ArticlePDF Available

Immersive Visualizations Using Augmented Reality and Virtual Reality



Immersive visualizations refer to a novel way of representing data and information through spatial computing technologies such as augmented and virtual reality. It aims to enhance the user perspective for enhanced insights from data and information to assist in the various processes including but not limited to decision making, enhanced learning, higher precision, and cost savings. Various applications of AR and VR provide better visualizations over traditional methods resulting in better decision making, cost savings for organizations, enhanced experiences for consumers, and many more. Immersive products provide an edge over the competition for businesses and enhance brand value, better stakeholder communication, and higher client satisfaction. At times it also facilitates cost reduction in specific scenarios. Though AR and VR as technology are beneficial and advancing at a rapid pace, there are some short-term challenges in implementing immersive visualizations. To overcome these challenges and make immersive visualizations effective, solution providers need to design products and services which provide the appropriate level of presence, interactivity, and immersion based on application. The human-centered design needs to be adapted for more human senses as AR and VR can make use of visual, aural, and spatial dimensions.
Immersive Visualizations
Using Augmented Reality and
Virtual Reality
Madhusudan Rao
and Manoj Dawarwadikar
NTT Data Services Pvt. Ltd, Bangalore, India
SP Jain School of Global Management, Sydney,
Bangalore, India
Augmented reality;Data visualization;Immersive
technologies;Information visualization;Virtual
Immersive visualizations refer to a novel way of
representing data and information through spatial
computing technologies such as augmented and
virtual reality. It aims to enhance the user perspec-
tive for enhanced insights from data and informa-
tion to assist in the various processes including but
not limited to decision making, enhanced learn-
ing, higher precision, and cost savings.
Immersive technologies such as augmented real-
ity and virtual reality have a transformational
effect on how complex data and information is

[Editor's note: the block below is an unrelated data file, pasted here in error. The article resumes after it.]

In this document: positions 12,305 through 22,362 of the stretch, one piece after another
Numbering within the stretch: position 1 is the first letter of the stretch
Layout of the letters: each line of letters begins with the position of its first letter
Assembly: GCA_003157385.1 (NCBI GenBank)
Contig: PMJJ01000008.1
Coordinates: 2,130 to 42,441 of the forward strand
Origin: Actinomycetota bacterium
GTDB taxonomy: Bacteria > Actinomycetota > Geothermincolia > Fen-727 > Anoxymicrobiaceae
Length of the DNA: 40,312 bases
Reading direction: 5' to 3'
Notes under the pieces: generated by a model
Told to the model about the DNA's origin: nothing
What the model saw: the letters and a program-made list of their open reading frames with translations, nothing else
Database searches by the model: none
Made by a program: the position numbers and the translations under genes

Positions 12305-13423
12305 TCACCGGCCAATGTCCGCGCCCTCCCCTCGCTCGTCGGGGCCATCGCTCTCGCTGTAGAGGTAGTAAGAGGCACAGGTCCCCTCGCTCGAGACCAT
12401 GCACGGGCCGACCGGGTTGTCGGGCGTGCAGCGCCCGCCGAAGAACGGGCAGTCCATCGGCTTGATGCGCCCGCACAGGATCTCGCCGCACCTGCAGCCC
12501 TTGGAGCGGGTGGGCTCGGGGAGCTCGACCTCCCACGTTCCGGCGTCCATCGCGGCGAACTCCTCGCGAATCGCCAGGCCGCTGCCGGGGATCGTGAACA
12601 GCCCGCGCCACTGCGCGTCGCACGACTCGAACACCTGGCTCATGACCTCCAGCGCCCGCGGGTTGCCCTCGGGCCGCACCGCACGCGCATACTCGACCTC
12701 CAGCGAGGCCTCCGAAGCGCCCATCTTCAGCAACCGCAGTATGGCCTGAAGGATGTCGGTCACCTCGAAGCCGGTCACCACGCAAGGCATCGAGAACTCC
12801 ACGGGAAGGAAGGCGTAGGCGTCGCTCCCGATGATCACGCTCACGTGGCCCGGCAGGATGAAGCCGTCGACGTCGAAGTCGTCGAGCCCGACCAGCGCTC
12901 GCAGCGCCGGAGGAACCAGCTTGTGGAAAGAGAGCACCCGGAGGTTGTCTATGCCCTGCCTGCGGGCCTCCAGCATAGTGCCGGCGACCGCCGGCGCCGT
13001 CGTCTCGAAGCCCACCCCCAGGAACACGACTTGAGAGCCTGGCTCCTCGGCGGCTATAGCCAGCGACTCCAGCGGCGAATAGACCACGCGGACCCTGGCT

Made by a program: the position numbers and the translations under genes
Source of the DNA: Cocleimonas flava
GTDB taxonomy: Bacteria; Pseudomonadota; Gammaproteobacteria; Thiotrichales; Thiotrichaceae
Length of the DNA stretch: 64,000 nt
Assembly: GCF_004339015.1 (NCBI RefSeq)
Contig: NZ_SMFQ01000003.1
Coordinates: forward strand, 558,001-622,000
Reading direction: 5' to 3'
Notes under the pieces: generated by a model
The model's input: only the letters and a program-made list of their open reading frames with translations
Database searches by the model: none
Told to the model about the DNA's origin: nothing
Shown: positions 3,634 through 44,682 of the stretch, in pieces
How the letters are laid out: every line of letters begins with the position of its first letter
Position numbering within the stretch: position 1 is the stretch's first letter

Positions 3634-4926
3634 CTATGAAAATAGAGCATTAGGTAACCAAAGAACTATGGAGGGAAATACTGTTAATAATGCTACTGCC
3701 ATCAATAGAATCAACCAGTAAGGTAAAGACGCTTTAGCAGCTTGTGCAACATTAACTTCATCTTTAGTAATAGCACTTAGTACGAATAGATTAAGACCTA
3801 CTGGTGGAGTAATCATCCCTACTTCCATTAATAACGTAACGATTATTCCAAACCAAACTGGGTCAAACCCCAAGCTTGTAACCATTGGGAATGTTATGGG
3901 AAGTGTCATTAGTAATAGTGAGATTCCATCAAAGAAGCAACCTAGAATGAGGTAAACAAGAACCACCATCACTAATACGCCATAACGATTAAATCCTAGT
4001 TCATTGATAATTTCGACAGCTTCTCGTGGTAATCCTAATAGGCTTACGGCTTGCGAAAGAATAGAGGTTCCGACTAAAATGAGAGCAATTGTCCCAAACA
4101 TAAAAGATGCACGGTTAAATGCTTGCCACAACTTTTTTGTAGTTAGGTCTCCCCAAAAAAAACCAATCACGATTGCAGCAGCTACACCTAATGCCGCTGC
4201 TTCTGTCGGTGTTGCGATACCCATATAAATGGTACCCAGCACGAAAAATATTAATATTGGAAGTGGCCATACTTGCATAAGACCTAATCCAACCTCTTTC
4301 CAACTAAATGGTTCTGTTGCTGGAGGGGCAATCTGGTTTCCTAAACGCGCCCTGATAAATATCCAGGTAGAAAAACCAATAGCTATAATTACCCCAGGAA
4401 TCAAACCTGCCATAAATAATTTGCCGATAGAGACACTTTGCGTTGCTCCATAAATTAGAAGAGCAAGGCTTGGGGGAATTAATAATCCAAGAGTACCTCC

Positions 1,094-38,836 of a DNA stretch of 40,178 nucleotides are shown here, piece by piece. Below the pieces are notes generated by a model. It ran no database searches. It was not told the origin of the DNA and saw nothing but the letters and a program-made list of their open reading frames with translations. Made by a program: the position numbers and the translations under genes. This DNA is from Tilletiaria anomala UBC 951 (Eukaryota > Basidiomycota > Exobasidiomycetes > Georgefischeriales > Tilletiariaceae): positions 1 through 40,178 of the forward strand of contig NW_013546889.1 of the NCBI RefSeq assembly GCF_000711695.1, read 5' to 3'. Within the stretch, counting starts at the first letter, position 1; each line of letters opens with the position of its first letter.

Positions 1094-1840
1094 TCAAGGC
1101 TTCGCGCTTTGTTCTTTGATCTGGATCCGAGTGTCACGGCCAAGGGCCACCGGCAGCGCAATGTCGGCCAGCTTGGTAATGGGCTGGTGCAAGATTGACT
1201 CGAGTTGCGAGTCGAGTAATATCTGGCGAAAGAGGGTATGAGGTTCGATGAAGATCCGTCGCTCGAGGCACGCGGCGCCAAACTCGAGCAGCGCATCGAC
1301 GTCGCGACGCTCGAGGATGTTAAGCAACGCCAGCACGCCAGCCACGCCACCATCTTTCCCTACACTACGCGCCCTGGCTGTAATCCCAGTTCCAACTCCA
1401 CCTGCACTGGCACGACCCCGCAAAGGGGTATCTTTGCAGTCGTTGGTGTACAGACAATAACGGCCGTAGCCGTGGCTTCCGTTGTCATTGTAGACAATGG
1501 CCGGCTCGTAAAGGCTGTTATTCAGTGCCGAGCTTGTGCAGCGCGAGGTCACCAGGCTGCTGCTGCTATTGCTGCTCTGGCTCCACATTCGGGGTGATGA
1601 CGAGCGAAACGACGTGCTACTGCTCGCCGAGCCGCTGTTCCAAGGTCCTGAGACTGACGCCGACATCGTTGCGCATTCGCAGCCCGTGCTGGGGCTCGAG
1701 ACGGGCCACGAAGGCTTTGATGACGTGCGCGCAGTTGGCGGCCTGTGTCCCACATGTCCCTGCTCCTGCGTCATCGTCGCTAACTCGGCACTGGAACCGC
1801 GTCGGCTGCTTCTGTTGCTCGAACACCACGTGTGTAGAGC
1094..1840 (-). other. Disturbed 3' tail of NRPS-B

visualized. This trend has led to several applica-
tions across industries to adopt immersive visual-
izations. The reality-virtuality continuum has
served as a reference framework for classifying
different immersive technologies. The continuum
was a continuous scale ranging between the
completely virtual and completely real environ-
ment with visualization and immersion as the
primary inuencers (Milgram et al. 1995) (Fig. 1).
In this context, augmented reality, typically
called as AR, is a technology that superimposes
digital content on a users view of the real physical
world. It provides a composite view through a
device such as a smartphone, a tablet, or a smart-
glass. The AR has core capabilities of information
visualization, guiding the user and making the
environment interactive through mediums such
as gestures and voice (Porter and Heppelmann
2017). Latest developments in smartphone tech-
nologies such as sensor-based simultaneous
localization and mapping(SLAM), 3D render-
ing, and camera capabilities have made aug-
mented reality accessible to most consumers
with better applications (Pangilinan et al. 2019).
Virtual reality, typically called as VR, is a
computerized simulation of a new environment
with visuals and interactions through a head-
mounted device and controls. Vision, audio, and
haptic feedback create experiences that feel like
real. Virtual reality replaces physical reality with
computer-generated content and adds the core
capability of simulation in addition to AR
© Springer Nature Switzerland AG 2020
N. Lee (ed.), Encyclopedia of Computer Graphics and Games,
(Porter and Heppelmann 2017). VR spectrum pro-
vides several usage patterns based on immersion
and interactivity. Web browser-based non-
immersive, noninteractive simple applications
such as consumption of 360-degree photos and
videos are at the lower end of the spectrum. At the
same time, head-mounted device (HMD) based
experiences with controllers and of freedom
provide complete immersion and real-time inter-
active experiences. The hardware requirements
for these experiences vary based on their com-
plexity and application (Pangilinan et al. 2019).
Mixed reality, typically known as MR, uses a
combination of augmented and virtual reality to
create engaging experiences. The extended real-
ity, typically known as XR, is an umbrella term
that covers augmented, virtual, and mixed reality.
It also encompasses other supporting technologies
such as AI (Articial Intelligence), 5G, IoT
(Internet of Things) to create engaging and inter-
active applications (Pangilinan et al. 2019).
AR and VR have wide-ranging applications
across industries. Depending on the need for inter-
activity, immersion, and visualization, the appli-
cations make use of AR or VR appropriately.
Enterprise sectors such as education, manufactur-
ing, healthcare, military, real estate have seen
early adoption of AR and VR for applications
such as simulated walkthroughs, remote surgeries,
combat training, employee training, and more
(Carmigniani et al. 2011; Sicaru et al. 2017). Con-
sumer segments such as retail, e-commerce, edu-
cation, gaming, entertainment, and tourism also
make use of AR and VR for applications such as